Life after the Arkansas 91st General Assembly: A Letter to My Friends

Many of us are disappointed that HB1249 and SB724 (Acts 562 and 859, respectively) passed into law, and we’re even more deflated by the various sorts of hypocrisy that surrounded the passage of the senate bill. Together, these bills constitute some of the most dangerous and regressive campus-carry laws in the country: every data-set gathered by reputable researchers over two decades has shown conclusively that more guns in any environment leads to more gun-violence in that environment.

And the bills were delivered to us by legislators who refused to listen to the affected constituency.

So they are also broadly unpopular bills: every campus in our state over the past four years has unanimously opted out of allowing guns on their campuses. Our Boards don’t like it. Our faculty detest it. Law-enforcement officials came out against it. Our students feel the same way. And their parents were outraged by it. And judging by my own social-media feeds, I’d say these parents are still angered by it, and questioning whether their own children will ever attend our university.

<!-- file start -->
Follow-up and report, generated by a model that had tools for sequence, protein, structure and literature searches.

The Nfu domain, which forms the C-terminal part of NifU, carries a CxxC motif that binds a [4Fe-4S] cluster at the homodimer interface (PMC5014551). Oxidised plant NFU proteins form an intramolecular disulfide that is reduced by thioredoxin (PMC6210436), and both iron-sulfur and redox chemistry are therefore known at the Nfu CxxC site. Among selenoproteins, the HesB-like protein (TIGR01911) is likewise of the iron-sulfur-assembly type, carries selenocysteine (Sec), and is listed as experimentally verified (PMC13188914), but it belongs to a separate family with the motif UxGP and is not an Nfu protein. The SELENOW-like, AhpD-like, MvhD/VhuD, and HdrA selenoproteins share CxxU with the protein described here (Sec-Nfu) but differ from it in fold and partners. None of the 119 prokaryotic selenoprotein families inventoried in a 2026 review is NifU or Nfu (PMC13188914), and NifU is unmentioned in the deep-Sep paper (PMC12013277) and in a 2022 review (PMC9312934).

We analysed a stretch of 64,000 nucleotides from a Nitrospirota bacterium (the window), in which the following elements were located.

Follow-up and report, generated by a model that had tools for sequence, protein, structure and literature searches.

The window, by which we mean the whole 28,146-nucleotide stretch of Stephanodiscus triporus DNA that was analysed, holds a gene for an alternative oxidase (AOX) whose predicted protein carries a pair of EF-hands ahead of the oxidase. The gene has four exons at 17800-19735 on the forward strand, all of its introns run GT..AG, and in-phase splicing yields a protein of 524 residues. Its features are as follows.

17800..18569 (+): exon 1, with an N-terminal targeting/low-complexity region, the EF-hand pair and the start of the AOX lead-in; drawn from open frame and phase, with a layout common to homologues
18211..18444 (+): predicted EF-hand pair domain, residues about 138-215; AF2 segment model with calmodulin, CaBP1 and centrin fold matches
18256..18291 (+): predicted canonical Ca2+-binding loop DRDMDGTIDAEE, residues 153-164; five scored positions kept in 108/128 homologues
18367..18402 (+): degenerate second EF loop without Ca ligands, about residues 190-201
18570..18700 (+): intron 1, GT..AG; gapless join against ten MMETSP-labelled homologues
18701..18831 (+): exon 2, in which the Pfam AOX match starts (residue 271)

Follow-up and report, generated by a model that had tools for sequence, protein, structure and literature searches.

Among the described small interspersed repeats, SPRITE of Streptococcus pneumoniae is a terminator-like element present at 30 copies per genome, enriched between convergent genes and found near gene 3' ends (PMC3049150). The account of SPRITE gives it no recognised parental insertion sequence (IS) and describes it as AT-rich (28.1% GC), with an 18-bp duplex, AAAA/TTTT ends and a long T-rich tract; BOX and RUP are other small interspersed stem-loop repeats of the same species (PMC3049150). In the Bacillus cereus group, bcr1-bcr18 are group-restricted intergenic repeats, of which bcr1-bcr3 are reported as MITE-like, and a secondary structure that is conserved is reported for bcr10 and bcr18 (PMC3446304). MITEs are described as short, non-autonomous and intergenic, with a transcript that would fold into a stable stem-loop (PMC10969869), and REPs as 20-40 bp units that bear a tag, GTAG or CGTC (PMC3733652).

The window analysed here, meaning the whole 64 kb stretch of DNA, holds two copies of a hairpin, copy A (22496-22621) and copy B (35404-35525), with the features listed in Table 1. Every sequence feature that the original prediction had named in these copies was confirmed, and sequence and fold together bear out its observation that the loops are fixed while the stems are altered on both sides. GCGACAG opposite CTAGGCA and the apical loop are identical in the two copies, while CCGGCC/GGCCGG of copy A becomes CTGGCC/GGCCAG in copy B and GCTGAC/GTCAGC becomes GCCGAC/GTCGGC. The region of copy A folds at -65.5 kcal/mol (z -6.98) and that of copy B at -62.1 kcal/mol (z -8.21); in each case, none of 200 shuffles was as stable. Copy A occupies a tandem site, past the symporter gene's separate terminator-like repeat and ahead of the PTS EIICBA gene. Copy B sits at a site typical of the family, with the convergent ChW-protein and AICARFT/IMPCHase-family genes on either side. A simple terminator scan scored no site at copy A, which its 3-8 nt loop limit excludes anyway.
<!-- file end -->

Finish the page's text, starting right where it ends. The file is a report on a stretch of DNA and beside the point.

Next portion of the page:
So who wanted it? The NRA and the legislators that the NRA funds and grades according to their votes.

Of course, the deep unanimity against HB1249 angered its sponsor, Representative Charlie Collins. So, he did what any frustrated and over-reaching legislator would do: he filed a bill that removed our campuses’ ability to govern their policies regarding guns, and in a series of seven amendments that ranged from the absurd to the subservient, and a Senate Bill that removed athletics and daycares from the madness of this bill, HB1249 and SB724 found their final form: a campus-carry policy that is one of the most regressive in the country.

And it might be, depending on how a few other bills in other states turn out, the most regressive policy in the country.

But the NRA has recently turned its attention to college campuses, and they are having some success. At any rate, Arkansas has now become the poster-state for the NRA’s bid to place guns in every nook and cranny of every college campus in our country. And the mood at the NRA headquarters in Fairfax, Virginia, must be joyful.